The terroir here is quite unlike the southern plains of the Alentejo, where most of the region’s wine is produced; the cooler climate of the hills and the rocky soil producing wines of great freshness and usually lower alcohol content. But what I like most of all about this producer is that they are one of the few wineries in Portugal to hold back their wines and release them only once they are truly ready for drinking.
I have written about their wines on a few occasions over the years, since starting to write this column, and although I have never had the chance to visit the winery myself, I received a gift from a friend last week who recently went there for a tasting.
This was the first time I have tried one of their white wines, in this case the 2015 Monte da Penha Branco, costing around €12 in shops. This is a pale straw-coloured wine with lovely citric and vegetal notes on the nose, elegant and fresh in the mouth.
Also included in my gift box was a wine I wrote about here before, the excellent 2005 red. This can still be found on the market and I would say it is now at its peak, best drunk over the next year or so.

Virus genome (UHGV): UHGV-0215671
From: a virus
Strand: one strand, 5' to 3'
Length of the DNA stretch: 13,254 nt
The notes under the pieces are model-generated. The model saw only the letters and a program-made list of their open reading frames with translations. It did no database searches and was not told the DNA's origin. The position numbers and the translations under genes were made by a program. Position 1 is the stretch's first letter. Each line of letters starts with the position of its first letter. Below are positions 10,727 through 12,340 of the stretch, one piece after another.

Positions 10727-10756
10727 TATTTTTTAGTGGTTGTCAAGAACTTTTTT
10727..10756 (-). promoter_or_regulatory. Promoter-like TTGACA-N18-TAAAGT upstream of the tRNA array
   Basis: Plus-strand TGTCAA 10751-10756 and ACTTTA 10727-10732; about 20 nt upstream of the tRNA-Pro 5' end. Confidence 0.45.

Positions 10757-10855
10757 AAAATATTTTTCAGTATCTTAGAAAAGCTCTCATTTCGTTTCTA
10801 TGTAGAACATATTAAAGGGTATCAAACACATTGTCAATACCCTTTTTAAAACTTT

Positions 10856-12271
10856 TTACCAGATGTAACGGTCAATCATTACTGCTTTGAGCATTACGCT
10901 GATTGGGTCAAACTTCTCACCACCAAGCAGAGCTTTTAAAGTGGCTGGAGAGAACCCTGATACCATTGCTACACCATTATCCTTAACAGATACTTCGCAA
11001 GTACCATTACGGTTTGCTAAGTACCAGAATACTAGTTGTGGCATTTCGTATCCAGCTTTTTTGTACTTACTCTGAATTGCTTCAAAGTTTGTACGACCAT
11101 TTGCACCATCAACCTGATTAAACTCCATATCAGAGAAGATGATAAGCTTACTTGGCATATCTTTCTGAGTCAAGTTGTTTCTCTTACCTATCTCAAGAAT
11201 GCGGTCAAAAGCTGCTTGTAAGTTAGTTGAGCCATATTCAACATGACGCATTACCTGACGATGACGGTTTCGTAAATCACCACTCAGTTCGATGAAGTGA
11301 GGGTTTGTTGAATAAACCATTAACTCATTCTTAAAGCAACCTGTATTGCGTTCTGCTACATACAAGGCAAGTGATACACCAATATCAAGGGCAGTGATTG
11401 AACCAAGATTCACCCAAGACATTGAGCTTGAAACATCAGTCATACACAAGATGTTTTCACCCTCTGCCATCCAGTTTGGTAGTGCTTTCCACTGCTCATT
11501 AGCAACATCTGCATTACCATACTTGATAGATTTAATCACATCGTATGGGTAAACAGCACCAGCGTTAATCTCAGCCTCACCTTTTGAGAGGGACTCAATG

But the star of the show was the 2004 red “gerações” shown here. I have not seen this in the shops here in the Algarve and, considering that only 5,000 bottles were made in total, this is no surprise.
But when it was first launched in 2007, only 3,600 bottles were released. At that time, it was rated as one of the “50 great Portuguese wines” by British wine writer Charles Metcalfe.
The remaining 1,400 bottles were held back for another 10 years in the cellar and released in 2017. Costing close to €50, if you can find it, this truly is one of the great Portuguese wines. A blend of Trincadeira, Aragonez and Alicante Bouschet, now, at 15 years old, it is still remarkably fresh and lively. The wines of Monte da Penha can all be ordered directly from the producer.
Visit montedapenha.com to view the online catalogue in Portuguese or English.